The warm breezes of late May and early June are always welcome in Midcoast Maine.

The schooner fleet is preparing for a season dedicated to sharing the wonders of Penobscot Bay with travelers from around the globe, and inns and other lodgings are mowing lawns, mulching gardens and washing windows. Gardens are being planted for fresh, local produce. Shops are boosting inventory and there is a general tone of optimism throughout our communities.

The economic excesses of recent years should not be forgotten. We must remember what happens when we speculatively spend money we don’t have. But it is good to share the wealth we do have, whether it’s discretionary cash or a priceless view. We shop locally and we invite others to appreciate our landscape and what our communities have to offer, which is a great deal.

Here on the coast of Maine we are wealthy indeed when it comes to freshening breezes, abundant wildlife, quiet walks and glittering ocean vistas. We are fortunate to have many wonderful places to dine, to find unusual and interesting goods, and to be entertained. The season has come when we share the gifts that come through our hard work and those that are bestowed by agencies far beyond our meager human powers.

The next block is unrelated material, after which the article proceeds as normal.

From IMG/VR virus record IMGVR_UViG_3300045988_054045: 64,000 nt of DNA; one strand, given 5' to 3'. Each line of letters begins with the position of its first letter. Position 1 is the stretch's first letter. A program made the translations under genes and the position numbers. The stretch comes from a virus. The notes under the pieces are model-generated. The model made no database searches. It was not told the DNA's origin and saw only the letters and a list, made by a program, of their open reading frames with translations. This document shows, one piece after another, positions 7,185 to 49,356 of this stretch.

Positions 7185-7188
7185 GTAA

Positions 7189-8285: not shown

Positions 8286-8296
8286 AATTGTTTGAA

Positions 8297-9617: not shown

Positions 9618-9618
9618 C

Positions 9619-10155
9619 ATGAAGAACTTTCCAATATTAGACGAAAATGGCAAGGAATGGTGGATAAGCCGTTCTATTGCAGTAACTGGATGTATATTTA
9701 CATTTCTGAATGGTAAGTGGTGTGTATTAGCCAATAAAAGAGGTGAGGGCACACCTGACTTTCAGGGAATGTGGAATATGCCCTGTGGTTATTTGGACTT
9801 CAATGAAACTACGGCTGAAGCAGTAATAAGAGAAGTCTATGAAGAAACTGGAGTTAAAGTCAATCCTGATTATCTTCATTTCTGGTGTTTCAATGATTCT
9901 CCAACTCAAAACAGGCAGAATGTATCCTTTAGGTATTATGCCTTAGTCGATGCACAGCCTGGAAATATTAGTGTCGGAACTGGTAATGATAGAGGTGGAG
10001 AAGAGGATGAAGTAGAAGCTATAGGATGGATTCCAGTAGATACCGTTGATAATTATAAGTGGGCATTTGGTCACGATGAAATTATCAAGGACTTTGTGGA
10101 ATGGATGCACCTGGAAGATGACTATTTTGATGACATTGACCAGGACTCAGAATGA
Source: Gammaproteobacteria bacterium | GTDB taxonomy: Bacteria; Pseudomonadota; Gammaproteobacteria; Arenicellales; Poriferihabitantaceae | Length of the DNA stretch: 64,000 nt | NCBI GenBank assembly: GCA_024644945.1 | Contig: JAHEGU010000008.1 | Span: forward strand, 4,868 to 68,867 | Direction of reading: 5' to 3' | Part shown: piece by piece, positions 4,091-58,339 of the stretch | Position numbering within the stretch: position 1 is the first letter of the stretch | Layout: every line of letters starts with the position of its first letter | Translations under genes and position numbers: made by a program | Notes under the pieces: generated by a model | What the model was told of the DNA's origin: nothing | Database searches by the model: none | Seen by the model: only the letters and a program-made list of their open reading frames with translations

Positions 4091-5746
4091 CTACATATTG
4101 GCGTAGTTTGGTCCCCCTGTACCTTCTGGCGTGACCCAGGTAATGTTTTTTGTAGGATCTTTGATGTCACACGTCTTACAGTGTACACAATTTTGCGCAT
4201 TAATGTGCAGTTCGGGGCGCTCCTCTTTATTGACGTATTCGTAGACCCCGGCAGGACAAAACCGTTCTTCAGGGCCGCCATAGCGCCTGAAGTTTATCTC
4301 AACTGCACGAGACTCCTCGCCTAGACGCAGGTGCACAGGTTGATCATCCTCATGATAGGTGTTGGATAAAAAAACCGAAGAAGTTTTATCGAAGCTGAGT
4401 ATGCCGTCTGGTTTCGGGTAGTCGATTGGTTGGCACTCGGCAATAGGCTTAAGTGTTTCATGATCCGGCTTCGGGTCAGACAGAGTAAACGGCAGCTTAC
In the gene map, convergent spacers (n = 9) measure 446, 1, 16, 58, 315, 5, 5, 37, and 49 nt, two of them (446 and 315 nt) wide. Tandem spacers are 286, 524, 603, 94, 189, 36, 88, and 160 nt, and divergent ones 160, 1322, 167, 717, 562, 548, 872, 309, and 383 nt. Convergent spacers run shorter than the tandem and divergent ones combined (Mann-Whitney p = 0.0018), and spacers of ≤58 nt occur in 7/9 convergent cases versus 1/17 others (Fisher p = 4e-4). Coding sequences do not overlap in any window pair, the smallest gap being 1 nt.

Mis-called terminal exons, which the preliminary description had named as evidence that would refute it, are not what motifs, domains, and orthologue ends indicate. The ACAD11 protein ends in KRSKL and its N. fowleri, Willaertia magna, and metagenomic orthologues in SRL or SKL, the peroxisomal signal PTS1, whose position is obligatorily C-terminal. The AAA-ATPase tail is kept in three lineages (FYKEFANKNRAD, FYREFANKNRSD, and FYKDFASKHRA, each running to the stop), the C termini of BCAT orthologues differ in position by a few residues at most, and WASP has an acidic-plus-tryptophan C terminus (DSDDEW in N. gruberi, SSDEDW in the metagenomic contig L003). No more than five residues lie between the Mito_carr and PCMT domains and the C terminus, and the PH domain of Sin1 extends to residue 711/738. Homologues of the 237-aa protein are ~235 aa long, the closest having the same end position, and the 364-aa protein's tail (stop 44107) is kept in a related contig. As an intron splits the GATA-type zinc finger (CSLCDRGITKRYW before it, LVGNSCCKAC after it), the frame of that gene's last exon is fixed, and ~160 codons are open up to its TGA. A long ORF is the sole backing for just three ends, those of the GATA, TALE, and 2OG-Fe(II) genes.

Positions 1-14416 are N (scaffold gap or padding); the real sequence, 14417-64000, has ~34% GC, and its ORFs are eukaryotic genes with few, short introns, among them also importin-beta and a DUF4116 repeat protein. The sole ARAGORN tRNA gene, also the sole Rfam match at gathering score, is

Summer gives us reason to smile. As we and our neighbors take joy in sprucing up homes, gardens and businesses, we rejoice in the beauty that surrounds us and look forward to a prosperous and happy season.

Center for learning

Libraries are the repository of human knowledge. But they are not simply edifices built to protect that knowledge — those thousands of books, periodicals, photographs, maps historical records, not to mention computers connecting us to today’s big world, are meant to be used by the public. Andrew Carnegie understood that so well when he dedicated grants to build 2,500 libraries across the world.

Just last month, John Bird wrote in these pages an account of, and tribute to, the Rockland Public Library, and all those who have worked hard to ensure its success as a community resource. The city’s library has been a center for reading and learning for more than a century.

There is a discussion under way with the Rockland City Council to save approximately $8,600 by cutting library hours, perhaps on Sunday afternoons. These Sunday hours have been in effect since 2007. The proposed library budget is $555,554, up $1,420 from the current budget.

It is important now more than ever, as more citizens work two, sometimes three jobs, that libraries do not follow just bankers hours, but are open as much as possible to serve a wide populace. That includes children, teenagers, adults and the elderly. We hope they all continue to move through the doors on Saturdays, Sundays, in the evenings — whenever the library doors are open.

Understandably, the Rockland City Council wants to trim costs and taxpayer bills. We are optimistic that as the council continues its meetings with department heads to consider various budgets that other cost cutting opportunities will arise, and the current library hours will remain intact.